Paulina Walkowiak, Founder of CUX

Tony Zayas 0:07
Hey, everybody. Welcome to another episode of our show. It’s Tony Zayas here joined by Andy HELCO. Andy, you’ve been internet challenge the last couple of days. So how are you coming through today?

Unknown Speaker 0:21
I don’t know. I you know, I think it makes you realize, when you don’t have good internet, how hard it is to survive anymore?

Tony Zayas 0:30
Yeah, for sure. So I’m sorry. Was that what’s going on on our show today? Yeah, very good. So today we have, I think this is our international founder, joining our show. And this is Paulina, CO, VX. She’s the co founder and CEO of It’s the first ever UX automation tool, so I can’t wait to hear all about it. So with that, Paulina, how are you doing?

Paulina Walkowiak 1:08
I’m fine. Thank you. Thanks for having me.

Tony Zayas 1:11
Absolutely. Well, welcome. And thank you for taking the time to join the show here. We’re excited. And so we see you and I talked a little bit before we got started, we can see your background, you’re in the middle of nature, which is awesome. So tell us where you come in from.

Paulina Walkowiak 1:27
So yeah, Originally, I’m from Poland. And right now, I just moved back in here, because I spent last six years in Berlin. But because of the pandemic, and because of this opportunity, that we can have a little cabin in the woods in the middle of the woods, we decided to move in here and spend few months. So I’m really excited about it. And as you can see, it’s really calming in here.

Tony Zayas 1:58
Yeah, for sure. That’s beautiful, beautiful setting. We’ll talk a bit about that. And, you know, sometimes nature is is a good place to be in and be connected to, to kind of help you think and clear your mind and all, you know, reenergize so we could talk about that in a bit. But just to get started and it looks like Andy fell off, he might be trying to jump back in it’s we were joking that you have better internet there in the middle, as opposed to in a center of Berlin, which is crazy, right? But go ahead and tell us about the business and and kind of how it all got started. Yeah.

Paulina Walkowiak 2:35
So the finally, the final thing is that it started when I got pregnant. So it’s not usually a way to start the business, I guess. Because usually when people get pregnant, just get scared, and trying to figure it out. So we decided to start our business because I was scared, but I was scared that I will be not able to. To be in a business to I I’m not this type of Mama Bear, if you know what I mean, I just wanted to be myself and being a business and try to never focus not only on the on child, which I really wanted to have, but I wanted to be a mom, but I want to somehow to try to deal with both of roles. And the same goes for my husband, he didn’t want to be the weekend father. He just wanted to spend time with our child. So our idea was to combine our experiences and try to do something which which we already had in mind. So the idea was there, but we’re not brave enough before to start the business. So my background is marketing researcher, I also run some customer experience research, I’m anthropologist, so I knew how to analyze user that user but people behaviors and I did it offline and as my husband is developer long, long way back then developing some program I know service Services websites so we decided to combine our our experiences and he was also curious how this digital users behave, what they do how we can just see what they do and the research is not really seemed to be not really accurate because it’s it’s not like question if you want to watch somebody you doing finding on a computer, so unnatural. It’s like I’m not in this digital world. So we were thinking, what can we do to just do this research to understand how users behave, how they interact with our websites, online, and we somehow translated what I learned as a marketing researcher to this digital world. Yeah. And first, firstly, it was more like using recorder, we were recording the visits, we wanted to do something better than it is on the market. But after some time, we realized that not enough like people don’t understand qualitative data, people don’t understand where to look at user behaviors. People don’t know how to analyze the data, they are afraid they are scared of analytics. So we tried to do to automate it, to pre analyze it, to find the patterns for them. And that’s how UX automation concept was developed, was designed. And right now, we are the first tool which gather user behaviors, which recognize behavioral patterns, experience of users and translate it into the insights to our customers. So yeah, that was the way.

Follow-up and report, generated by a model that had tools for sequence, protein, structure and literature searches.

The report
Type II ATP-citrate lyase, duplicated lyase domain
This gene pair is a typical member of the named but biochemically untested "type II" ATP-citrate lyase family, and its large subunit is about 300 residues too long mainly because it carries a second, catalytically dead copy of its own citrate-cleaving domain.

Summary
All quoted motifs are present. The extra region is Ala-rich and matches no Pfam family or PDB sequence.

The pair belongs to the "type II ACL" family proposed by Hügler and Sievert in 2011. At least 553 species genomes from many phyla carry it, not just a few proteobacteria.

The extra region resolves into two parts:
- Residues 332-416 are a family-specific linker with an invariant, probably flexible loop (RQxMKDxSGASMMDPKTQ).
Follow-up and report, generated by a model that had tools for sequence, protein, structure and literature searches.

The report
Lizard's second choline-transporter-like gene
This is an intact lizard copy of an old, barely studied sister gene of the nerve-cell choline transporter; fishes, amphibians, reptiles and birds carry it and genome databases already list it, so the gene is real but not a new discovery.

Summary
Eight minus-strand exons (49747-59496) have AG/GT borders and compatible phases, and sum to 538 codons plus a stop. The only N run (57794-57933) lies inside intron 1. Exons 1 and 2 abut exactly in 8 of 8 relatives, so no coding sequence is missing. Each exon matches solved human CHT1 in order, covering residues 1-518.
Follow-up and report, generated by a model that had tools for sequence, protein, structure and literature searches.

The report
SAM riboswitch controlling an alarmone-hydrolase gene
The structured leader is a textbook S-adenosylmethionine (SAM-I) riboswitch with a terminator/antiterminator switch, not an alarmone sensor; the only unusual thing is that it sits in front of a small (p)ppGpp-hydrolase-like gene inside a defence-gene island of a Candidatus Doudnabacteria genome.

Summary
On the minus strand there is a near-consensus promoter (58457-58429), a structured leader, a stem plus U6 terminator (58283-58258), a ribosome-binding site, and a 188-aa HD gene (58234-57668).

Tony Zayas 6:16